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Home > Smoke-free spaces on the island of Ireland- Snapshot report 2017.

Purdy, Joanna and McAvoy, Helen and Cotter, Noelle and Mitchell, Elizabeth (2017) Smoke-free spaces on the island of Ireland- Snapshot report 2017. Dublin: Institute of Public Health in Ireland.

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Reducing second-hand smoke (SHS) exposure has become a central component of tobacco control policies across the island of Ireland. The expansion of smoke-free spaces directly reduces exposure of children and adults and further denormalises tobacco use in a variety of social contexts. Challenges remain in terms of persistent health inequalities and significant exposure to SHS in the home, particularly in the context of children. This snapshot report presents a brief overview of progress on the development of smoke-free spaces on the island of Ireland. This snapshot updates on an earlier document published in June 2016.

• Smoke-free legislation in the workplace has been implemented successfully across the island of Ireland. Legislation prohibiting smoking in cars where children are present has been in place in RoI since January 2016, with similar measures proposed for NI.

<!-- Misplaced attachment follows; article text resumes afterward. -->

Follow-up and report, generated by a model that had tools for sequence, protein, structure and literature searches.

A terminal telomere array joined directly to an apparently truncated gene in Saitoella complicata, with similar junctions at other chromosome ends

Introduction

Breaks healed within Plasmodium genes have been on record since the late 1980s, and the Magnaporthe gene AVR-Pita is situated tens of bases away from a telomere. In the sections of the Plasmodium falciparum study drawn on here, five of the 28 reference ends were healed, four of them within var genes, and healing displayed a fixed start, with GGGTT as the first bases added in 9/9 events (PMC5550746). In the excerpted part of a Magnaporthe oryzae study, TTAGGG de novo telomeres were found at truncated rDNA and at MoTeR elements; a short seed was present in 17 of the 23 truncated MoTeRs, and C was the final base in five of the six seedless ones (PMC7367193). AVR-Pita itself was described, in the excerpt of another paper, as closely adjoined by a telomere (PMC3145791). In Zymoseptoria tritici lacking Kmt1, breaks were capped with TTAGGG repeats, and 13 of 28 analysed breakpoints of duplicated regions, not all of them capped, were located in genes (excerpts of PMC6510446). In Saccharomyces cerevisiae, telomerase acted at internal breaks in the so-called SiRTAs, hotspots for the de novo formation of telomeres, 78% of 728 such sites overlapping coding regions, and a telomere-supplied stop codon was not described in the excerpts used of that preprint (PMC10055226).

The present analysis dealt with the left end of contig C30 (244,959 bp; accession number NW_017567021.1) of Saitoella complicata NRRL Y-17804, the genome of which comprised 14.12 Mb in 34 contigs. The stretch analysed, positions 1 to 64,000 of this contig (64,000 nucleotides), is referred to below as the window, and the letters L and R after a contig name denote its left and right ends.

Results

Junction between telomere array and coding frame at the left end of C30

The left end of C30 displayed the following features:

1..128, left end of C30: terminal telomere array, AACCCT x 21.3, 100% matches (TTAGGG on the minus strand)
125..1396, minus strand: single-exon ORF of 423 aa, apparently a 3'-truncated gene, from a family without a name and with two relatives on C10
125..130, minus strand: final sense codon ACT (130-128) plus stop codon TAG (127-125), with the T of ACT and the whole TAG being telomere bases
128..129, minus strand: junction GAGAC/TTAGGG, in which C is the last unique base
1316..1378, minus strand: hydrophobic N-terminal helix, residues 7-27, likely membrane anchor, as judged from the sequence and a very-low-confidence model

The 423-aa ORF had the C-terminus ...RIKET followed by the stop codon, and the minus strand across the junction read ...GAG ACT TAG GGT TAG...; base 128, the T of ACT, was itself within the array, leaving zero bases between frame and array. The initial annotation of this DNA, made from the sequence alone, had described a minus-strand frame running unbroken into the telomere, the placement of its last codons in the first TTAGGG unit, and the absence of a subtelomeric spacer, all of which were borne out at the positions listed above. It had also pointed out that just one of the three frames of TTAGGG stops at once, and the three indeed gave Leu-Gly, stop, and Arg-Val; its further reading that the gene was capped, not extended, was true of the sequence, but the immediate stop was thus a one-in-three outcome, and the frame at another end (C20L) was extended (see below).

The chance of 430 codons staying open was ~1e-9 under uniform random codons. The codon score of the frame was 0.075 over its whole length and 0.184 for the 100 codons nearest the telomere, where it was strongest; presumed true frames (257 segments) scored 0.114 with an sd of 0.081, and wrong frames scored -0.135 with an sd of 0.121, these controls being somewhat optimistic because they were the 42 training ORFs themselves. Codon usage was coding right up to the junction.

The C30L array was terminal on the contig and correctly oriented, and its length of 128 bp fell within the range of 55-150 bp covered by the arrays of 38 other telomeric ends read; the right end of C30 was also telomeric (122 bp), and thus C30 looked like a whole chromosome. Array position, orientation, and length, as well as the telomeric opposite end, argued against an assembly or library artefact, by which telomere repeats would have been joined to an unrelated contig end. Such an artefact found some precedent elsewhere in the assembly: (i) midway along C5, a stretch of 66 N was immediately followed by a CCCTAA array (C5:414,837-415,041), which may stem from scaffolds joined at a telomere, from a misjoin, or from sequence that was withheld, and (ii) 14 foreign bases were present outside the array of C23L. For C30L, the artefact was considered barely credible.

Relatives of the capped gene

• In RoI 19% of all children aged 10-17 years were exposed to SHS in the car (Gavin et al, 2015).
• Among children aged 11-16 years who reported that they lived with an adult smoker in NI, 3 in 10 reported that smoking was permitted in the family car (YPBAS, 2013).
• In NI among households who own a car, 85% of adults reported smoking is not permitted in any car. Of adults in the most deprived quintile, 51% reported that smoking is not permitted in any car, compared to 81% in the least deprived quintile (HSNI, 2016).
• In 2007/08 in NI 61% of adults reported that smoking was not permitted in the home, increasing to 80% in 2015/16 (CHS, 2007/08 and HSNI, 2016).
• In NI, over half of children aged 11-16 years in the most deprived areas lived with an adult smoker. Children living in the most deprived areas were more than twice as likely to live with a smoker compared to children living in the least deprived areas (57.9% vs 25.2%) (YPBAS, 2013).
• In RoI 18% of the population aged 15+ was exposed to SHS on a daily basis. SHS exposure was highest among those aged15-24 years (28%). Non-smokers in more deprived areas were more likely to be exposed to SHS than those in more affluent areas (Department of Health, 2016b).
• In RoI there were slightly stricter rules around smoking in the home, compared to the family car, with pre-teen children more protected than teenagers. 12% of 10-17 year old children reported that adults were allowed to smoke in their house (Gavin et al, 2015).
• In RoI more than twice as many 9 year olds living in families in the lowest income quintile (32.7%) were exposed to SHS in the home compared to children in families in the highest quintile (14%) (McAvoy et al, 2013).

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